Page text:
3. Wipe the rims of the jars, then place the lid on them.
  4. Process in a waterbath canner for 15 minutes, adjusting for altitude.

cranberry sauce

 

 

Thanksgiving Soup

Round up whatever veggies that you have left over from Thanksgiving.  Don’t worry if they have some butter and seasonings on them – it will all add to the rich flavor of your soup.

My soup contains carrots that were cooked in honey, green beans with some butter, some diced sweet potatoes, and corn with butter.  Use whatever you have.  Don’t be shy about raiding your veggie tray either – chop your crudites into bite sized pieces and add them raw to your jars – they’ll cook beautifully during the canning process.

  1. Add one cup of your vegetable mixture to each sanitized quart jar.  If you want, throw in some peas and diced potatoes too.
  2. Add 1 cup of chopped turkey to each jar.
  3. Season with a clove of garlic and 1-2 tablespoons of chopped onion in each jar. Because the vegetables were already salted, I did not add any additional salt to my soup.  If you have it on hand, you can also add some carrots and celery.
  4. Top your veggies and turkey with one cup of your delicious stock that you made above.  Then fill it the rest of the way with water.  The flavors will blend – don’t worry!
  5. Wipe the lip of your jars with a cloth dipped in white vinegar and then place the lids on.
  6. Process the soup in your pressure canner for 90 minutes at 10 pounds of pressure, adjusting for altitude.

Variation: If you want a different type of soup, add 2 tbsp of tomato paste to each jar and season with some Italian spices like basil and oregano.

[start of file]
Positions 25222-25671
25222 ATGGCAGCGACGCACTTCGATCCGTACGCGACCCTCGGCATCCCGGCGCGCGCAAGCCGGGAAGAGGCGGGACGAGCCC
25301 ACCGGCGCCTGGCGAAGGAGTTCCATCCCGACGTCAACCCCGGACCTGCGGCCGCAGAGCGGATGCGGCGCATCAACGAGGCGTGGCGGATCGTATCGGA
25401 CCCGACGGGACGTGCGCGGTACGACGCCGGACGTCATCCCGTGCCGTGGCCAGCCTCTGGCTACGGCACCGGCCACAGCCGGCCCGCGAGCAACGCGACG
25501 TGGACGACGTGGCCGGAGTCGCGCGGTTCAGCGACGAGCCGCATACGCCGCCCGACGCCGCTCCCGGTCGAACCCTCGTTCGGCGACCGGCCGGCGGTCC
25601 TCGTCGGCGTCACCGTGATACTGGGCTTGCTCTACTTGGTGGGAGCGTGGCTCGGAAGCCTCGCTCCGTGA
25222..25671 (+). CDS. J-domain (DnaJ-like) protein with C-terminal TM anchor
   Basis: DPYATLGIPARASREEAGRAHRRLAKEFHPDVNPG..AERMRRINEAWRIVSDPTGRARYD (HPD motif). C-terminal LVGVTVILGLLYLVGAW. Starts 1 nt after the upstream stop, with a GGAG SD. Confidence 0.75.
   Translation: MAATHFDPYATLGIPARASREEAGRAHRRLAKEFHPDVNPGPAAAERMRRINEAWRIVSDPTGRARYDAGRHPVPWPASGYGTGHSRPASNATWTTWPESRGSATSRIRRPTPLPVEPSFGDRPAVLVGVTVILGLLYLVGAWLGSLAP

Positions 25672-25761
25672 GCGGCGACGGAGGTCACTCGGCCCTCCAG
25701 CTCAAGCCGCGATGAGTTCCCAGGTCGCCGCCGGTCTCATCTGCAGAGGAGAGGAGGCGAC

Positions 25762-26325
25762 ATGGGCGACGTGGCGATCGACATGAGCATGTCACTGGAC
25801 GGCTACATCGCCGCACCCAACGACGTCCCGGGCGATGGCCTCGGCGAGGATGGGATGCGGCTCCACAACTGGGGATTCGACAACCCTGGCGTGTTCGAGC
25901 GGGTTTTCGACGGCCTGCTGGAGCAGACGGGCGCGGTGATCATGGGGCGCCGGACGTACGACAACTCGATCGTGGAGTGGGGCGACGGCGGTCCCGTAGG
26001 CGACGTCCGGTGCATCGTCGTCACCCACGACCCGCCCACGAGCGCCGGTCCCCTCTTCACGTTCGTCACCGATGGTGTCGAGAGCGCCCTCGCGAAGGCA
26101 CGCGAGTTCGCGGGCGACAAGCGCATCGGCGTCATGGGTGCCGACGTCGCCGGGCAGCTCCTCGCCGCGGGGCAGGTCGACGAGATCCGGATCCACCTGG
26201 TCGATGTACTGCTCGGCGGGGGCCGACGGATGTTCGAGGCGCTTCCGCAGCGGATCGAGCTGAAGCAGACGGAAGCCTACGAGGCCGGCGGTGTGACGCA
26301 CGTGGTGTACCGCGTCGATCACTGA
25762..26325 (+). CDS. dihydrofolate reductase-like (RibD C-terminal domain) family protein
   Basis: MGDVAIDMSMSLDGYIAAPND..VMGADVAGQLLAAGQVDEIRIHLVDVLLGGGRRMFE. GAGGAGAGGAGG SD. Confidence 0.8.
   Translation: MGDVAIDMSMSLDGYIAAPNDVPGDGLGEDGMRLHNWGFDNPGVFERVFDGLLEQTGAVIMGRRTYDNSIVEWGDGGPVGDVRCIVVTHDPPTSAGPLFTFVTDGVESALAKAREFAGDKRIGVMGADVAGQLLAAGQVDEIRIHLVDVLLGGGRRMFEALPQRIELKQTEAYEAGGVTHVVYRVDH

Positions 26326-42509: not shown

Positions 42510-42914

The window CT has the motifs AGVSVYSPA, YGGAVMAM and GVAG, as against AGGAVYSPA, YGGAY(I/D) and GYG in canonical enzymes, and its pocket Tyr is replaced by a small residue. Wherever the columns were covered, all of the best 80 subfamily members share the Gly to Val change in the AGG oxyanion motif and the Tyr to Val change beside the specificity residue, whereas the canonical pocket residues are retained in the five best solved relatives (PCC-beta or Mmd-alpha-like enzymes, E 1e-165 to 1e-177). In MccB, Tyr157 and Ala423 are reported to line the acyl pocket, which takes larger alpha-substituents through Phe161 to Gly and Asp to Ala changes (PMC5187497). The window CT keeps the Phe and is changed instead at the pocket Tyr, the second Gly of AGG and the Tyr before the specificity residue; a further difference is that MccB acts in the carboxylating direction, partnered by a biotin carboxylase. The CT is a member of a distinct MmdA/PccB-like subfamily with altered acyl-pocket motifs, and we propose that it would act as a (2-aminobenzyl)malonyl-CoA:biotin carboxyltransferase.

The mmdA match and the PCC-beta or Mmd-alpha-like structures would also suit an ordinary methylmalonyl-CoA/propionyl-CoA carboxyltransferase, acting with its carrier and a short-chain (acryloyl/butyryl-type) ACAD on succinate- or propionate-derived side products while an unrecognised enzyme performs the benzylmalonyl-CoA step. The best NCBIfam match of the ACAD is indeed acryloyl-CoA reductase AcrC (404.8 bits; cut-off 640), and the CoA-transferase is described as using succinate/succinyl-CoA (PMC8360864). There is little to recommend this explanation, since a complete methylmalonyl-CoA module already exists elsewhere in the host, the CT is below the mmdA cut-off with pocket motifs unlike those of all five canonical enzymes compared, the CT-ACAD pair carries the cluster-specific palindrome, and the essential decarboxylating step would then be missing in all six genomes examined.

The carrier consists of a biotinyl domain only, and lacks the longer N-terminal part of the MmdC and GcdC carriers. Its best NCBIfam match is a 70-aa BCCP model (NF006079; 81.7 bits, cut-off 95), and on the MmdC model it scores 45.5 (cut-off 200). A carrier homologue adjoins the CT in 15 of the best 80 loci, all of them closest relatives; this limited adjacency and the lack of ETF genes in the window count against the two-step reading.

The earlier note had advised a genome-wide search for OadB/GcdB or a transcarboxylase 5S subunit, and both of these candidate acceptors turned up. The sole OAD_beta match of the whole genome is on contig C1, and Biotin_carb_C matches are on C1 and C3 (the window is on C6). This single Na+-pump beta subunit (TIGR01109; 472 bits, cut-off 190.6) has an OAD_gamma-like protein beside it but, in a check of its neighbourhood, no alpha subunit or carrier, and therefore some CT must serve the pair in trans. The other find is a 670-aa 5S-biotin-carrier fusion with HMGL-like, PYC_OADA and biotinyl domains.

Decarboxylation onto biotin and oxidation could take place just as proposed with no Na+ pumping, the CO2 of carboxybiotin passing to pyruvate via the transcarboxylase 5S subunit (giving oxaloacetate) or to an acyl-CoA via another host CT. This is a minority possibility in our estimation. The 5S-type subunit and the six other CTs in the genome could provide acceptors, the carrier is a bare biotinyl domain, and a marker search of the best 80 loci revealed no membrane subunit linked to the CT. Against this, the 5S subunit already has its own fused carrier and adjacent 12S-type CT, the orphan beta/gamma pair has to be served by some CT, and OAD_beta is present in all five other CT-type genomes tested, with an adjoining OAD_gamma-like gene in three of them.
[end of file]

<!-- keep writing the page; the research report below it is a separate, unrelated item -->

At serving time, you can add some cooked rice, barley, or pasta to your soup.

turkey veg soup

And finally, here are some links to great leftover ideas for all those Thanksgiving goodies:

15 Ways to Prep with Holiday Leftovers

The Thanksgiving Club Sandwich

Thanksgiving Leftover Shepherd’s Pie

Daisy Luther

Please feel free to share any information from this site in part or in full, leaving all links intact, giving credit to the author and including a link to this website and the following bio. Daisy Luther is a single mom who lives in a small village in the mountains of Northern California, where she homeschools her youngest daughter and raises veggies, chickens, and a motley assortment of dogs and cats.   She is a best-selling author who has written several books, including The Organic Canner,  The Pantry Primer: A Prepper's Guide to Whole Food on a Half-Price Budget, and The Prepper's Water Survival Guide: Harvest, Treat, and Store Your Most Vital Resource.  Daisy is a prolific blogger who has been widely republished throughout alternative media. On her website, The Organic Prepper, Daisy uses her background in alternative journalism to provide a unique perspective on health, self-reliance, personal liberty, and preparedness. You can follow her on Facebook, Pinterest,  and Twitter,.